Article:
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Shedding Light on the Professoriate

The Washington Examiner, August 16, 2007 - Winfield Myers wrote,

[Note: This version is slightly amended from that which appears in the Washington Examiner.]

Lisa Anderson, the former dean of Columbia University's School of International and Public Affairs best remembered for her failed attempt to bring Iranian President Mahmoud Ahmadinejad to campus, had a complaint yesterday for the Web publication Inside Higher Ed.

"Young scholars of Middle Eastern literature or history are finding themselves ‘grilled' about their political views in job interviews, and in some cases losing job offers as a result of their answers," Anderson said. She carefully stressed that she wasn't talking about those who study policy or the current political climate.

This situation has arisen, Anderson said, because "outside groups that are critical of those in Middle Eastern studies ... are shifting the way scholarship is evaluated."

Anderson's lamentations are part of a rising chorus from professors who consider themselves besieged by external organizations whose mission is to critique the performance of scholars. These include the one I head, Campus Watch, to which Anderson clearly alluded in her remarks.

Academic radicals have for years controlled campus debate by blackballing internal opponents, intimidating students and crying censorship whenever their views or actions were challenged.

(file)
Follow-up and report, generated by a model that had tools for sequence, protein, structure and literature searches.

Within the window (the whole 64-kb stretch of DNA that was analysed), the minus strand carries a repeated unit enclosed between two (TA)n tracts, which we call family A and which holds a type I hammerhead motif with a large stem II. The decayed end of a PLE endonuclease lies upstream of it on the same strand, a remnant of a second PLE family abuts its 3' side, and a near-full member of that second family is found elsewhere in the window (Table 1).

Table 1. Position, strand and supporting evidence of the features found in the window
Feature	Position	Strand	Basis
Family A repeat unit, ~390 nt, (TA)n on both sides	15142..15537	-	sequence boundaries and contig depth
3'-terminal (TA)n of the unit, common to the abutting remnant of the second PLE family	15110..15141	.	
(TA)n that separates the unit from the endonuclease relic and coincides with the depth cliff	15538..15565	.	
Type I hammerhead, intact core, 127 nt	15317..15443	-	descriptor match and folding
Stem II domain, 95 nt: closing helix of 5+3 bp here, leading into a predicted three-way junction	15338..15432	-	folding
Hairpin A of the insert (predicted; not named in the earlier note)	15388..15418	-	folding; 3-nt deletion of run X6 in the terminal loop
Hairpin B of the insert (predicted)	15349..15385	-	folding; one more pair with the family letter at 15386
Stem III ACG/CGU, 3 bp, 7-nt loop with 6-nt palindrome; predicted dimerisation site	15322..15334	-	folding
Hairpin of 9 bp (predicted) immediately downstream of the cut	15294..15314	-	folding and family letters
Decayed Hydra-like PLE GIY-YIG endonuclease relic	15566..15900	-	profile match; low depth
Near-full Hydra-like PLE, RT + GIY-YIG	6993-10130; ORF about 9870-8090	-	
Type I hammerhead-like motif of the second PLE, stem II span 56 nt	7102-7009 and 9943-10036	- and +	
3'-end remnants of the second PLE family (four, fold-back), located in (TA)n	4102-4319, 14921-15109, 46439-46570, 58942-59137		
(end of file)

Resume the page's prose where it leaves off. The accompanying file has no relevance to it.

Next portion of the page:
They got away with such behavior for two principal reasons: A sympathetic media assured the nation that universities were in the front lines of the fight for liberty and justice, and there were few external organizations or individuals offering sustained critiques of politicized scholarship and teaching. These helped ensure that the public's reservoir of good will toward universities remained full.

But times are changing.

Scholars no longer operate in an information vacuum. Their words carry great weight not only with their students, who pay for and deserve far better than they receive, but with the media, which funnel their often politicized, tendentious views to a broader public. Given such influence, it should shock no one that the professoriate is scrutinized and, when found wanting, challenged.

Anderson and company's frequently alleged claims that outsiders threaten their freedom of speech is, on the one hand, risible. Campus Watch and other organizations or individuals who critique academe don't possess the authority of the state; we have no subpoena power, no ability to force their acquiescence, nor do we seek it.

What we've challenged isn't the academics' right to speak as they wish. Rather, we've challenged their ability to practice their trade in hermetically sealed conditions free from the need to answer to anyone but themselves. We've held them accountable much as countless organizations and journalists have critiqued the behavior of other professions, from doctors and lawyers to clergy and businessmen.

Given this new reality on campus, it's almost understandable that outside critics could make the doyens of Middle East studies long for the days when they could operate behind closed doors. Continued...

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